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Local News

  • Farmers Feeding Families aims to help food insecurity

    Roberta Steutermann remembers meeting with the Shelby County Farm Bureau to talk about a new project when she ran into Agriculture Commissioner Ryan Quarles.

  • SHELBY COUNTY SCHOOL BOARD - District finalizes plans to accommodate growth

    On Thursday Shelby County Board of Education members will consider resolutions that assure the district is prepared for future growth.

    At 7 p.m. Thursday at the district’s central office, the board will consider approval of the construction documents for the Discover Boulevard project.  The project will expand Discovery Boulevard to connect to Midland Industrial drive.

  • SHELBYVILLE CITY COUNCIL - Country Manor residents urge council against zoning, development decision

    Last month the Triple S Planning Commission voted to send a positive recommendation to the Shelbyville City Council for a zone change request for 98-acres of property at the intersection of Freedom’s Way and LaGrange Road. Property owner Tom McGinnis proposed to the commissioners his plan for a town-home style residential development with commercial on 3.76 acres.

  • Accident on Freedom’s Way claims two

    A multi-vehicle crash Saturday that left two people dead and several others injured is still under investigation.

    Kentucky State Police spokesperson Bernie Napier said they received the call around 7:18 p.m. regarding a collision in the northbound lanes of Freedom’s Way.

  • Back in the saddle

    Jeremy Harrell had no idea when he started a veteran’s club last November how quickly it would grow.

    “It’s really grown faster than me,” he said.  “The idea was to get nine or ten veterans together once a month to share resources with one another, build camaraderie and just to get veterans out of the house.”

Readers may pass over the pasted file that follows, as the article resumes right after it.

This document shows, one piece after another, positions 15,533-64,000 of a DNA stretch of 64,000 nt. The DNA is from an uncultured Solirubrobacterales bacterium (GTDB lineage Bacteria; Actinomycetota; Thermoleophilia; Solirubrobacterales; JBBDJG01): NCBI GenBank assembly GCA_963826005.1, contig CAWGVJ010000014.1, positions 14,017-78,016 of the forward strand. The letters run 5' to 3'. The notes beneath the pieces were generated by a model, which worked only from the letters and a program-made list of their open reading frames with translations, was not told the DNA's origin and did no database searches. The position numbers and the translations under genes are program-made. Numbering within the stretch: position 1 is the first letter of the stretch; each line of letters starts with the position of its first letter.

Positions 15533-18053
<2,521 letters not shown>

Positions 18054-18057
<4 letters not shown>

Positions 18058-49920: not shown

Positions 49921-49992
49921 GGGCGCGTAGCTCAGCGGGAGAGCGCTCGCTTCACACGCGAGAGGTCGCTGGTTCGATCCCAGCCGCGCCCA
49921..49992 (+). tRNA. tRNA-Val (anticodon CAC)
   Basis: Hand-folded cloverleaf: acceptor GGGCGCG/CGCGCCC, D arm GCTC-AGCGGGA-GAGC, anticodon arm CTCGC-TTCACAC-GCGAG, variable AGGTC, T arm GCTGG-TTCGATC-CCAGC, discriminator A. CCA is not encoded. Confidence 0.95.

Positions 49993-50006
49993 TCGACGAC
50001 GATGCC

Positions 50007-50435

In just six months, Harrell’s club has grown to 620 strong with veteran members from Louisville, Shelby County, Spencer County and the Southern Indiana area.

  • A life-changing trip

    Imagine growing up in a community, building a life there and having to flee in fear for your own life.

    Fortunately, most of us will never face a horrific situation like this, but it is the tough reality for many people residing in Karen State.

  • Collins students build Little Free Libraries

    More Little Free Libraries are up and running around Shelby County, all thanks to some Collins High School students and faculty.

    Little Free Libraries are exactly what they sound like: mini libraries where people can access books for free in their communities. These small cabinets secured onto pedestals hold issues for all ages.

    A nationwide organization that aims to bring books to people who have limited access, Little Free Libraries aims to help people form connections with their neighbors in the community.

  • Bus, do your stuff

     Even though summer is in full swing, Shelby County Public School officials plan to keep exercising kids’ minds – through educational physical exercise.

  • County Fair begins next week

    For the 156th year, residents will have the chance to attend the Shelby County Fair and enjoy rides, shows and THE spectacle it has to offer.

    The festivities will start Monday.

    “The gates open Monday at 4 p.m.,” Carol Hance, a fair director, said. “That’s basically the start to the fun.”

  • Shelby County Fiscal Court: County fireworks ordinance gets positive 1st reading

    Shelby County Fiscal Court Tuesday night introduced an ordinance for first reading at its regular meeting that would regulate the use of fireworks county-wide.

    The proposed ordinance is the end result of discussions at a public hearing by the legislative committee where both opponents and supporters of regulating fireworks sounded their opinions on how the county should approach restricting their use.